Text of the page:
where does resistance come from?

Sheila Cohen reviews Workplace Conflict: Mobilization and Solidarity in Argentina by Maurizio Atzeni (Palgrave Macmillan 2010).

This is a book which should be read by anyone interested in and committed to rank and file activism. There are two obstacles – the price, which as with so many “academic” texts is absurdly high [1] and the English, which can be hard to get your head around. This is no fault of the Italian author, but the publisher clearly has not forked out for the necessary editing – which, at £60 a throw, is a bit of a cheek.

The content and theoretical approach of Workplace Conflict make it more than rewarding, despite these obstacles. In fact it is something of a landmark in the analysis of working-class consciousness, carrying as it does theoretical and strategic perspectives which depart from the static and non-dialectical approaches found in more conventional analyses. This is a book which can suggest ways forward for the rank and file working-class movement. Continue reading “where does resistance come from?”

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a revolution in retreat

Adam Ford reviews The Russian Revolution in Retreat, 1920-24. Soviet workers and the new communist elite, by Simon Pirani, Routledge, 2008.

“I cannot be that sort of idealist communist who believes in the new God That They Call The State, bows before the bureaucracy that is so far from the working people, and waits for communism from the hands of pen-pushers and officials as though it was the kingdom of heaven.” – excerpt from the resignation letter of a Bolshevik Party member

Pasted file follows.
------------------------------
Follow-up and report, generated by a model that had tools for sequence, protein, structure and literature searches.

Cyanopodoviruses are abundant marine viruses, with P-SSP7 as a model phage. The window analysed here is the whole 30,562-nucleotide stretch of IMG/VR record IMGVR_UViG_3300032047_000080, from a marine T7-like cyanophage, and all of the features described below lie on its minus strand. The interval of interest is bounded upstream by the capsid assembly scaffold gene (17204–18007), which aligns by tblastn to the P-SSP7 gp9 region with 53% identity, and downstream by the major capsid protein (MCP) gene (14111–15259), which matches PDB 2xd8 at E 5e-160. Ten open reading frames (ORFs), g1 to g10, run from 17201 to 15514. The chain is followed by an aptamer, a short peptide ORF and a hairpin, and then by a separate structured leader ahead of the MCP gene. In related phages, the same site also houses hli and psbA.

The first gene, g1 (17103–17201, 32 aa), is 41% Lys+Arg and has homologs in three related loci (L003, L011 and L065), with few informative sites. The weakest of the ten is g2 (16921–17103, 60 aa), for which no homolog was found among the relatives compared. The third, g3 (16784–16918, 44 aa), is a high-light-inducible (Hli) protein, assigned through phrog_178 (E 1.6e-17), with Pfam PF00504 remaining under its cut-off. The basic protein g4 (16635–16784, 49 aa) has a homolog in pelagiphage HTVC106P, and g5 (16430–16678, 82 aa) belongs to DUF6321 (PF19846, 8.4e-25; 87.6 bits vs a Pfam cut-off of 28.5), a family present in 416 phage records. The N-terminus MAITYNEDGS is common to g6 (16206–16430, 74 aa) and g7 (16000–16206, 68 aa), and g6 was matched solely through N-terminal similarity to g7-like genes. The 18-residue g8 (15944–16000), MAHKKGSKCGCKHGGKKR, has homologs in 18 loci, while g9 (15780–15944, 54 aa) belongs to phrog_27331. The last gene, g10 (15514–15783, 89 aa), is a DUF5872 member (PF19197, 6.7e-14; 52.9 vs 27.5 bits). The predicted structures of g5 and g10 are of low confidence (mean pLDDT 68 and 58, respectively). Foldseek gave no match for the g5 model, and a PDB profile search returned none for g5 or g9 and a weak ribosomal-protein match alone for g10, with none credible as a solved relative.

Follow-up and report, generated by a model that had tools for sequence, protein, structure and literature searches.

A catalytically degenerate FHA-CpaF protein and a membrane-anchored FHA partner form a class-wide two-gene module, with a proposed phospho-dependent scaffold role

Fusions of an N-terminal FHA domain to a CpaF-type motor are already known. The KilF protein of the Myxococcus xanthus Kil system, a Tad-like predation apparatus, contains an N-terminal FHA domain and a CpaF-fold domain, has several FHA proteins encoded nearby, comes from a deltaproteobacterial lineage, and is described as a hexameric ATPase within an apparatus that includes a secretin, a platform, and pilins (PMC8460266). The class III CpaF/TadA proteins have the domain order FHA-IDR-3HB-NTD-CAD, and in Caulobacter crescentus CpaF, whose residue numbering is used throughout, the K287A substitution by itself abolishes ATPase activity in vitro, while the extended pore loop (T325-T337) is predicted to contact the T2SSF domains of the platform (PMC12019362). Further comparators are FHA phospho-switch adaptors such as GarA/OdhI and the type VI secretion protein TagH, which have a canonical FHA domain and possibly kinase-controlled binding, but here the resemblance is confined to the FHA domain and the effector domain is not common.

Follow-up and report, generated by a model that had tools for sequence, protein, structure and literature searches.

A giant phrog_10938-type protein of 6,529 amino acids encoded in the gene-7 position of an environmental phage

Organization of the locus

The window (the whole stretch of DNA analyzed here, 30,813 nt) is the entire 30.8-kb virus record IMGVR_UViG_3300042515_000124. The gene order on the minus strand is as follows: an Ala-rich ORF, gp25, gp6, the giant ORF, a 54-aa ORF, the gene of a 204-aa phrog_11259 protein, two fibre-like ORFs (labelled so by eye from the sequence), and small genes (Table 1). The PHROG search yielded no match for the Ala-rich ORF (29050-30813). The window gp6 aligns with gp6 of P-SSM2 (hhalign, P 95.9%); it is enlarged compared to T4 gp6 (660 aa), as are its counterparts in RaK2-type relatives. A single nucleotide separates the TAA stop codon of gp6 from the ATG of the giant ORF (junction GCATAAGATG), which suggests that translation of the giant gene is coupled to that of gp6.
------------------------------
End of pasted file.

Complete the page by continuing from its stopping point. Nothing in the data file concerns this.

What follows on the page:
Within what is usually labelled ‘the left’, your answer to the question ‘When did the Russian revolution go wrong?’ is a kind of touchstone. Each organisation seems to have its own One True Answer, and giving the wrong response at the wrong meeting can earn you the kind of scorn that the very religious reserve for those whose beliefs differ ever so slightly from theirs. Cue many weary Life of Brian jokes. Continue reading “a revolution in retreat”

robin hood in the 21st century: rallying the poor for the civil liberties of the rich

by Sebastian Wright

Robin Hood: a populist yarn and surefire crowd pleaser if ever there was one. He lives in the woods with his merry men, stealing from the rich, and redistributing to the poor; all the while engaging in a tit for tat with his arch nemesis, the feudal lacky the Sheriff of Nottingham. What could go wrong? Continue reading “robin hood in the 21st century: rallying the poor for the civil liberties of the rich”

why don’t we side with the humans in avatar?

by Sam Parsa

Recently director James Cameron returned after 12 years of absence since his Titanic (1997) to make Avatar. Costing somewhere between $200 to 300 million to make and returning a profit of over $1 billion, Avatar is a sci-fi film about a hired crew of humans who take over a planet called Pandora in 2154 in order to exploit its resources – mainly a substance called unobtanium.

Predictably, the large company of soldiers (and ex-Marines) are equipped with huge battleships and robot-soldiers. These end up being very hostile to the Na’vi, the native humanoid species, who are very traditional with their own strong cultural and religious traditions. As expected and as commentated by many, the storyline resembles the invasion of Iraq. However apart from the predictable romance between the native girl and the heroic white man, the story has a little twist: some of the scientists decide to defect to the Na’vi side, organise them, fight back with the humans and even win the battle. Continue reading “why don’t we side with the humans in avatar?”